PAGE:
• Can all my students ‘see themselves’ in the learning opportunities I am designing for them?

So, how should teachers choose what to do when teaching mathematics? When making choices, it is important to consider:

  • The mathematics you are teaching
  • The students you have
  • The spaces and resources available to you

What works for the combination of these things will differ by idea, by student, by teacher and by school. A teacher’s job is to create learning opportunities that open up the mathematics to the students as well as possible in the spaces where they work. If teachers regard each decision about what students will do as framing ‘what is possible to learn’, it will help to choose and design learning experiences carefully. Use information from the students’ responses to decide whether to do more of something, or less; or to try something in a new way. When designing opportunities to learn, consider talk, tasks, tools, thoughts and togetherness. Teaching mathematics is not straightforward, but it is incredibly important and rewarding.

The authors would like to thank  Ellen Benes and Megan Clune for their contribution to this guide.

Recommended further reading

Darragh, L. (2021). Playing maths games for positive learner identitiesSet: Research Information for Teachers, (1), 36–42.

Foster, C. (2018). Developing mathematical fluency: Comparing exercises and rich tasks. Educational Studies in Mathematics, 97, 121–141.

Hunter, J., Hunter, R., & Anthony, G. (2020). Shifting towards equity: Challenging teacher views about student capability in mathematics. Mathematics Education Research Journal, 32, 37-55.

Hunter, R., Hunter, J., Anthony, G., & McChesney, K. (2018). Developing mathematics inquiry communities: Enacting culturally responsive, culturally sustaining, ambitious mathematics teaching. Set: Research Information for Teachers, 2, 25-32.

Hunter, J., Miller, J. Choy, B., & Hunter, R. (2020). Innovative and powerful practices in mathematics education. In Way, J., Attard, C., Anderson, J., Bobis, J., McMaster, H., & Cartwright, K. (Eds.), Research in Mathematics Education in Australasia 2016-2019. Springer: Singapore, 293-318.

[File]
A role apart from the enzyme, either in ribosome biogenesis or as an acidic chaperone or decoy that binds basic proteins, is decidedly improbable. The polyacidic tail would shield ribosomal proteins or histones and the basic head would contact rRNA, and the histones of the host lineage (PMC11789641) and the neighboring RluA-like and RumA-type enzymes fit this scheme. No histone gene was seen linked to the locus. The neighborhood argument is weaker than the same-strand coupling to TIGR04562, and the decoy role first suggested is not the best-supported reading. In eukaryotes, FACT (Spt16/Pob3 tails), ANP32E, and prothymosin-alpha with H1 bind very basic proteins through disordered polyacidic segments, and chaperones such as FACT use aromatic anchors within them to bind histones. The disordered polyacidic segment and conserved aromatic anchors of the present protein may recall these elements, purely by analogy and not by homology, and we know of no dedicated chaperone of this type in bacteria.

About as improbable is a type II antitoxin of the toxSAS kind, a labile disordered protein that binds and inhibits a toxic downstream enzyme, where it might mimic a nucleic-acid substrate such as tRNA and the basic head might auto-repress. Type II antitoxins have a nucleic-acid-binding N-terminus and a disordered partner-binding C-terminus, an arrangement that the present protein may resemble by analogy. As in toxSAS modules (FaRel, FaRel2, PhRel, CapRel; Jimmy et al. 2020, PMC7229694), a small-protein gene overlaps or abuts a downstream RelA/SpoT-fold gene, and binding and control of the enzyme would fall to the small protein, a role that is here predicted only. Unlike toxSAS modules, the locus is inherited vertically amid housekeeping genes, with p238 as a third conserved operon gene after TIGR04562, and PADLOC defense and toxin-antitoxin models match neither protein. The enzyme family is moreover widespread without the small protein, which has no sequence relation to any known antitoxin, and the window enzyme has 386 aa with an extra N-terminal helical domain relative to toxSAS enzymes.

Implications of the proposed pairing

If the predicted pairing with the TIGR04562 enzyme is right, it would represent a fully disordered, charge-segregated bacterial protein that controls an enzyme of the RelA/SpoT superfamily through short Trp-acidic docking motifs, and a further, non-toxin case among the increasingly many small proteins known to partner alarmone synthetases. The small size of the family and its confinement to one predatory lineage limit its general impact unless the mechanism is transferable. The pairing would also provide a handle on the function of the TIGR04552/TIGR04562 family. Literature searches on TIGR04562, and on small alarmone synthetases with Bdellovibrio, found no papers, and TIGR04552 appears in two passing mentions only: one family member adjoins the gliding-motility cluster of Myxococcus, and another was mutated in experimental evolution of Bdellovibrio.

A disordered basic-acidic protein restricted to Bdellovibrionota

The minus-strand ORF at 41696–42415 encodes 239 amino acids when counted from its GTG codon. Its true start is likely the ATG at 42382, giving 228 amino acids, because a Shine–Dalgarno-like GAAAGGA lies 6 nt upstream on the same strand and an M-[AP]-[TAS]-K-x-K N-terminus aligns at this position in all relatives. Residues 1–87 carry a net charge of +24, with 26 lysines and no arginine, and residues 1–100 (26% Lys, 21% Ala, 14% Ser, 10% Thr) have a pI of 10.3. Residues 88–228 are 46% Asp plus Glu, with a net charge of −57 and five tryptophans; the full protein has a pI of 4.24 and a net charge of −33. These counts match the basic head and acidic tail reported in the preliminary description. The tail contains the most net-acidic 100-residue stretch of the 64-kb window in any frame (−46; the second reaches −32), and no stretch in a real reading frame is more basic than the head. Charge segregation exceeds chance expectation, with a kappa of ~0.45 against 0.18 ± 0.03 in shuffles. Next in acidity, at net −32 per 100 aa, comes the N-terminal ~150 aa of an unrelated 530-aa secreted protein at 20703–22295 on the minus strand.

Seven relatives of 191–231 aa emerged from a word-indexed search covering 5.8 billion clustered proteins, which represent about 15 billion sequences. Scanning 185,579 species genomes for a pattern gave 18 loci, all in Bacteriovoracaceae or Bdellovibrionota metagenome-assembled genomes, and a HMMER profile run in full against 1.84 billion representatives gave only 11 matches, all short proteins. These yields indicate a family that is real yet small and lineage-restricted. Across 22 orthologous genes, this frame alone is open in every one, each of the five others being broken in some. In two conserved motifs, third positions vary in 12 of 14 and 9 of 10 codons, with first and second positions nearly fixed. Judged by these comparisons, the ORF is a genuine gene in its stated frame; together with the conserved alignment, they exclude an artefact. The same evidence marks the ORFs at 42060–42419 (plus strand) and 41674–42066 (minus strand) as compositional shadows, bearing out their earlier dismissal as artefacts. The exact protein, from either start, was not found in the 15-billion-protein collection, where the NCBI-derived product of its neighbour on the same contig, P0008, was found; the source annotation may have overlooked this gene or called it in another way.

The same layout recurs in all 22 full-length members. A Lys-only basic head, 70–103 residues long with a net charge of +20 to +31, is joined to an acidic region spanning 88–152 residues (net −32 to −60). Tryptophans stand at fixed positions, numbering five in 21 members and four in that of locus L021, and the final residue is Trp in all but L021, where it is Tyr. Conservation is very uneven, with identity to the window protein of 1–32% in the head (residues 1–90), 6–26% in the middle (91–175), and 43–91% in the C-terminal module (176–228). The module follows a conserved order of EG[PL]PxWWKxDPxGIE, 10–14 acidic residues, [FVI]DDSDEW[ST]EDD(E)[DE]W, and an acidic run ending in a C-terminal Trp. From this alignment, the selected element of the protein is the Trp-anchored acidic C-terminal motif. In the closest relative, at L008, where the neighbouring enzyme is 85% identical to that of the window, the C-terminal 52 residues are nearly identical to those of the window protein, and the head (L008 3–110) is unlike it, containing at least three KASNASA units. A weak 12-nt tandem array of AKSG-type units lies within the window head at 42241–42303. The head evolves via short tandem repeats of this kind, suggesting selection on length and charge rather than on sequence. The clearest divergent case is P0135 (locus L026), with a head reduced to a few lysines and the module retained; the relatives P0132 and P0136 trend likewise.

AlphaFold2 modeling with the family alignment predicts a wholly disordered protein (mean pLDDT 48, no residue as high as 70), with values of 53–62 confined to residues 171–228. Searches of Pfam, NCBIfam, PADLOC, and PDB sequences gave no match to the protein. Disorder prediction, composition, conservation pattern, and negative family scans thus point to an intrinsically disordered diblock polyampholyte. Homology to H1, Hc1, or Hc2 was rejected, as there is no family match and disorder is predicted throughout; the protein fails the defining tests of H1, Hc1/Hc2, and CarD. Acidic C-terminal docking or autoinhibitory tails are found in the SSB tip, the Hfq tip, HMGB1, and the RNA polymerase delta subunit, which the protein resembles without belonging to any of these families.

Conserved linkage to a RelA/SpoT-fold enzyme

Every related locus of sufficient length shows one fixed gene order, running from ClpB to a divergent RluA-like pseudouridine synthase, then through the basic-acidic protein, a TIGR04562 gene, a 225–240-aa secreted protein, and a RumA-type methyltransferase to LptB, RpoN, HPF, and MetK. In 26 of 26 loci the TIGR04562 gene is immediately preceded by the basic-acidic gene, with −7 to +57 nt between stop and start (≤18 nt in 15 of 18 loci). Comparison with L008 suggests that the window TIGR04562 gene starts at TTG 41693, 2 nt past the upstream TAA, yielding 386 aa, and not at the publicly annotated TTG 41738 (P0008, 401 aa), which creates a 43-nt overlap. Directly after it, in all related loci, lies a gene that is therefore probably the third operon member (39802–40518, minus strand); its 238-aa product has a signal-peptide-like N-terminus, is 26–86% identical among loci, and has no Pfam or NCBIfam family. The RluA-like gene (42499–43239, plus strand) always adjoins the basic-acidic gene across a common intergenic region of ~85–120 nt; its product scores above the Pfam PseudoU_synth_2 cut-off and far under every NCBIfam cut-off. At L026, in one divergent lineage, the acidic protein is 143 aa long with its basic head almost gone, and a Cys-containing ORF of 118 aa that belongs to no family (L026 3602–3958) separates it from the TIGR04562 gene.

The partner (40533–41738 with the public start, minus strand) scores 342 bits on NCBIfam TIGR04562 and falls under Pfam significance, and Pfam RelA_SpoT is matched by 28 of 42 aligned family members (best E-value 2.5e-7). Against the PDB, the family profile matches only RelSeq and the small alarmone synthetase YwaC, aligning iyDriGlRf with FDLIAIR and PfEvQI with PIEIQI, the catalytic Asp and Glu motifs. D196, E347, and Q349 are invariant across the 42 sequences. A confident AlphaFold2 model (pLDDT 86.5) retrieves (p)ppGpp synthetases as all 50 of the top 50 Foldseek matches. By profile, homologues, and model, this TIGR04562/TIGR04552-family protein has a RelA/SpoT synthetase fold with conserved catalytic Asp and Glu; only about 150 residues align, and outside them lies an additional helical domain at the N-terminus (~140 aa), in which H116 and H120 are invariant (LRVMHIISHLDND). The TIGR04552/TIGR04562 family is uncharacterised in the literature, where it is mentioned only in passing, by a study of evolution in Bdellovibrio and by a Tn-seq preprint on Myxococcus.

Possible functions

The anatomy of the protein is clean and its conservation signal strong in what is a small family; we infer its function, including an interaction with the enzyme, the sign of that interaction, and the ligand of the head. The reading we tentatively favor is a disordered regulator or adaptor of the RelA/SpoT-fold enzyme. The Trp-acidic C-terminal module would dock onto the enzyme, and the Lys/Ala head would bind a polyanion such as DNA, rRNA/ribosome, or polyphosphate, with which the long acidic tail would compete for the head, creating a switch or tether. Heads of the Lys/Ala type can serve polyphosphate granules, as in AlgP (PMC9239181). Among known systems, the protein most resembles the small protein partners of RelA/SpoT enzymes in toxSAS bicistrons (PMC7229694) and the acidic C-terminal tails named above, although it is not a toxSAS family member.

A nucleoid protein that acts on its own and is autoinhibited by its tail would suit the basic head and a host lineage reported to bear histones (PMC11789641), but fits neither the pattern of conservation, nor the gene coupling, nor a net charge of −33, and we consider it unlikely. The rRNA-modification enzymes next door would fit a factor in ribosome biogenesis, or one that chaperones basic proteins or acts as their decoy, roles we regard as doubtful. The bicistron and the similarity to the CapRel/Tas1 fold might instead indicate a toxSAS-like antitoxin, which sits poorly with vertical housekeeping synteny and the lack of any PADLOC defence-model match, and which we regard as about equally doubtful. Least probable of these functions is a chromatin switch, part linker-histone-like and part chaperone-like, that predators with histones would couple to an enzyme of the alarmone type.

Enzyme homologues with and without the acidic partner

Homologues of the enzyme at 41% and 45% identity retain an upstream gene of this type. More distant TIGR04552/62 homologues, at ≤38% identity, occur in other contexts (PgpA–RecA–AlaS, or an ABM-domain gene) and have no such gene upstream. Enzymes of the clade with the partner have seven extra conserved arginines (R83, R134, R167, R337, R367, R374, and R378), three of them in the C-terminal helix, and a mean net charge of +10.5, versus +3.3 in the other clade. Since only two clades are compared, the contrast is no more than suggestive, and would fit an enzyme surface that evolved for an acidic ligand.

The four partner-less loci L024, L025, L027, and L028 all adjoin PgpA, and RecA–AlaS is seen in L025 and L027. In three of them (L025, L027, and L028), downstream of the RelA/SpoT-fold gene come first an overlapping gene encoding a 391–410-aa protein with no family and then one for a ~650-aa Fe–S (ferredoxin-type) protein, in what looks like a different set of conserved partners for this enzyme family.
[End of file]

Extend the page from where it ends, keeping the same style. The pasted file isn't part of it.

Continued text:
Kullberg, A., Kempe, U., & Marton, F. (2017). What is made possible to learn when using the variation theory of learning in teaching mathematics? ZDM Mathematics Education, 49, 559-569.

Sun, K. L. (2018). The role of mathematics teaching in fostering student growth mindset. Journal for Research in Mathematics Education, 49(3), 330-355. doi:10.5951/jresematheduc.49.3.0330

Walshaw, M., & Anthony, G. (2008). The teacher’s role in classroom discourse: A review of recent research into mathematics classroom. Review of Educational Research, 78 (3), 516-551.

Yurekli, B., Stein, M., Correnti, R., & Kisa, Z. (2020). Teaching mathematics for conceptual understanding: Teachers’ beliefs and practices and the role of constraints. Journal for Research in Mathematics Education, 51(2), 234-247. doi:10.5951/jresematheduc-2020-0021

Endnotes


[i] Kullberg, Kempe & Marton, 2017.

[ii] Hunter et al., 2020; Hunter et al., 2018; Walshaw & Anthony, 2008.

[iii] Kullberg, Kempe & Marton, 2017.

[iv] Daragh, 2021; Hunter et al., 2020; Foster, 2018.

[v] https://nzmaths.co.nz/problem-solving

https://nrich.maths.org/8769

https://docs.google.com/spreadsheets/d/1jXSt_CoDzyDFeJimZxnhgwOVsWkTQEsfqouLWNNC6Z4/edit#gid=0

[vi] Hunter et al., 2020.

[vii] Hunter, Hunter, & Anthony, 2020.

 


By Fiona Ell and Dr Lisa Darragh

PREPARED FOR THE EDUCATION HUB BY

Fiona Ell

Fiona Ell is an Associate Professor in the Faculty of Education and Social Work at the University of Auckland. She began her career as a primary school teacher before moving into teacher education and research. Fiona’s research is concerned with how people learn in complex social settings, focused on how they learn mathematics and how they learn to teach mathematics. Recently she was part of the Royal Society panel that provided input for the Mathematics and Statistics curriculum refresh process.

PREPARED FOR THE EDUCATION HUB BY

Dr Lisa Darragh

Dr Lisa Darragh is a Senior Lecturer at the University of Auckland where she has taught mathematics education to pre-service and in-service teachers since February 2018. Prior to this she spent three years living in Santiago, Chile doing post-doctorate study at the Universidad de Chile. She completed her PhD in 2014, looking at children’s mathematics learner identity as they transition to secondary school. Lisa also spent ten years as a teacher of Year 7-8 students at Kowhai Intermediate and Birkdale Intermediate schools and in Canada.